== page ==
Sad Offense Archaeologists

This is my last post on cancel culture.  It’s sad and not worth further time.  Next Tuesday, I begin a new research and writing endeavor on meritocracy.  Join me on an 8 week knowledge expedition deep down into the murky waters of moral philosophy and normative economics.

The final section of our current project, Panics and Persecutions (2020), includes the essay, “Sad Radicals”, by a former anarchist, taking us into the minds of those who wallow in cancel culture.   It made me feel sorry for the cancellers.  Hearing from a “deprogrammed” radical social justice warrior provides insight into what goes on in the heads of the woke.  He cites the book Joyful Militancy (2017) in attempting to explain the radical toxicity – a paranoid, depressing morality that “binds and blinds”*.  The toxicity of cancel culture is not a bug to them, it’s a feature.  They operate in a “paradigm of suspicion”.   

Cancellers pore over prior interactions, looking desperately for ways the mundane conceals oppression.  They see every communication as containing hidden violence because of their obsession with power and domination.  Freddie DeBoer calls them “offense archaeologists”.  The canceller’s moral standing can only be maintained by attacking the moral standing of others.  They are trapped in this mindset because of an absolute refusal to engage opposing views.  Ideas that counter their worldview are met with kafkatrap – claiming that opposition to their viewpoint proves their viewpoint. 

Young adults are ensnared by these bad ideas when they see cruelty, malevolence and unfairness in the world, rejecting a society that tolerates oppression.  They cannot contend with opposing ideas, and instead vigorously try to silence them.  They are not seekers of truth; they are guardians of a radical ideology, ready to cancel any opposition in a zealous pursuit of what they think is justice.  But there is no justice without wisdom, and no wisdom without surrender to uncertainty in the pursuit of truth.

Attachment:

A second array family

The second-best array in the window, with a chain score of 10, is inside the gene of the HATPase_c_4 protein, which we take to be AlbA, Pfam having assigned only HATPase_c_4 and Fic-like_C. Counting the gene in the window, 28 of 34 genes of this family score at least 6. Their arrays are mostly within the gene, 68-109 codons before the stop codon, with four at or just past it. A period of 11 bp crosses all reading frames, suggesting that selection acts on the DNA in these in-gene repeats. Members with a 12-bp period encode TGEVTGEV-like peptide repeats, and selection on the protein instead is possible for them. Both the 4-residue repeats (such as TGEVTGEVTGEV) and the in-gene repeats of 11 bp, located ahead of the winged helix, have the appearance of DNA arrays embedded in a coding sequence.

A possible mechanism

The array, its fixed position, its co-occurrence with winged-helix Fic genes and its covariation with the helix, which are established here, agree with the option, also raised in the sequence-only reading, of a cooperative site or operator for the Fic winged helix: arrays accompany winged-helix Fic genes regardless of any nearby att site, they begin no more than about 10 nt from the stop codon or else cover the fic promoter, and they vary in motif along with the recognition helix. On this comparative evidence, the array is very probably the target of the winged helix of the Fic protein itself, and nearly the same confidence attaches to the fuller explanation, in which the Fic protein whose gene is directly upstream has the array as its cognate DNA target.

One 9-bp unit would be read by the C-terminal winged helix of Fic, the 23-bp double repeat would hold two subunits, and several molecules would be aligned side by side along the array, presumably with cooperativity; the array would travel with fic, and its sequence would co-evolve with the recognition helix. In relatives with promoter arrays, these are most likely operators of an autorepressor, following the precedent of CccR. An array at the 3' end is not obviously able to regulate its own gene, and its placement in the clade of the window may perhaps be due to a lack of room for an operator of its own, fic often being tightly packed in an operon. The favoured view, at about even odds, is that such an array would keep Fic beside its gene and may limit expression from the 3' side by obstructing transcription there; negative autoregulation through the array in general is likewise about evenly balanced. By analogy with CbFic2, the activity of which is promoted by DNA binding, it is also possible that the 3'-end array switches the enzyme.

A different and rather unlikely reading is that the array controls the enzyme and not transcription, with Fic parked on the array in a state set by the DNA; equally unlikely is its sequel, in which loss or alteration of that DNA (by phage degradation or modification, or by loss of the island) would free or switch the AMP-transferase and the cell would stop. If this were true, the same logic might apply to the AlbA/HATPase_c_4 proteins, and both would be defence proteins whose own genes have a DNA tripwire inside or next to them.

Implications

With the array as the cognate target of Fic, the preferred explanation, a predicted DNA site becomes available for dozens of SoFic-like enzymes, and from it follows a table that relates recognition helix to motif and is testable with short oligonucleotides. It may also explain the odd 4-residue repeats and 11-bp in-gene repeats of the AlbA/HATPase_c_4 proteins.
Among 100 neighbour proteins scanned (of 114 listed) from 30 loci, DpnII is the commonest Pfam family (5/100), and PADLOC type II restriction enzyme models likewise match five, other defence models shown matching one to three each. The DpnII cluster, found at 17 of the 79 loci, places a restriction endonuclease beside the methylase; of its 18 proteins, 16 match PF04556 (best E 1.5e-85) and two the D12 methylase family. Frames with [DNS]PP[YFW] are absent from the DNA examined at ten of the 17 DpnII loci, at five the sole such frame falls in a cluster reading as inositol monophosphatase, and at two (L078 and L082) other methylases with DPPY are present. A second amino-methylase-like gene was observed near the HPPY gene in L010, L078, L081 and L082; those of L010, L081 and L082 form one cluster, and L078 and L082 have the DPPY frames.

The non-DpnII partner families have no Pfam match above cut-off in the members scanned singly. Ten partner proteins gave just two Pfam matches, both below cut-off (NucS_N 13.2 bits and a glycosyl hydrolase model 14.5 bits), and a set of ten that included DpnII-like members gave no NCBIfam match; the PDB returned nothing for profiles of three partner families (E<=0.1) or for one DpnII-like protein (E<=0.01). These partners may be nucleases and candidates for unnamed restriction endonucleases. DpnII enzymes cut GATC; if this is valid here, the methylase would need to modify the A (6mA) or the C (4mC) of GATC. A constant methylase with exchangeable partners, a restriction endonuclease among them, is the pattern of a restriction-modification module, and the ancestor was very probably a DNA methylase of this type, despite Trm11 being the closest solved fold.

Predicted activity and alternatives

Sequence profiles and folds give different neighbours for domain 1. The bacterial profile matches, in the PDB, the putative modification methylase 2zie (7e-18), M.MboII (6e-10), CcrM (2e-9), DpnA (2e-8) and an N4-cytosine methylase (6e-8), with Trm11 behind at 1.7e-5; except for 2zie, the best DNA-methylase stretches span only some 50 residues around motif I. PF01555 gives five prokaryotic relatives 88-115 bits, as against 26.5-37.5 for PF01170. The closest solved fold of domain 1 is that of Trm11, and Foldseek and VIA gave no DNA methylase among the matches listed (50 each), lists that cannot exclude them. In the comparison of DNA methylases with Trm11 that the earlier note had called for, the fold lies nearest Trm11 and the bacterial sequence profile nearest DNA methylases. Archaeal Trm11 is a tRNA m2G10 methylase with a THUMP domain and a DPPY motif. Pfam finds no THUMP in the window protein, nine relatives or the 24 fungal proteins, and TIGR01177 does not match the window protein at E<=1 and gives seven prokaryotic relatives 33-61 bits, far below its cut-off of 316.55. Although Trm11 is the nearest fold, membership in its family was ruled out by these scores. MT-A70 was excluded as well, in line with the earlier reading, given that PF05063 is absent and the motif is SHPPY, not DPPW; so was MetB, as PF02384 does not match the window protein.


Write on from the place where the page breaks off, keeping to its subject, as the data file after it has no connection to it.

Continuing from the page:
After showing us what being in this mindset is like, the author speculates on where it comes from and why it spreads so effectively.  “Does it give purpose to a generation without meaning?  Is it intra-class competition among overproduced elites?  Is it some byproduct of economic precarity?   He concludes that cancel culture will continue despite its incoherence, false assumptions and not knowing where it comes from.  It’s not going away because, as a philosopher once said of capitalism:  “No one has ever died from contradictions”.

* Jonathan Haidt, The Righteous Mind (2013).  A canceller’s entire identity and value as human is tied to validating their wokeness.  The fact that they engage in militant cancellations and crave mob approval to be happy is sad indeed.  As one commenter puts it:   “I think it’s a deep sign of personal unhappiness – caused by an inner lack of purpose, meaning and fulfillment through personal and family relationships – which causes someone to heed the clarion call to radically reengineer society using force and coercion to re-order the lives of others. It’s a sign that young people are desperately unhappy that they fall for such nonsense.”

EDIT – This is a great article that gets right down to what’s happening to our culture:

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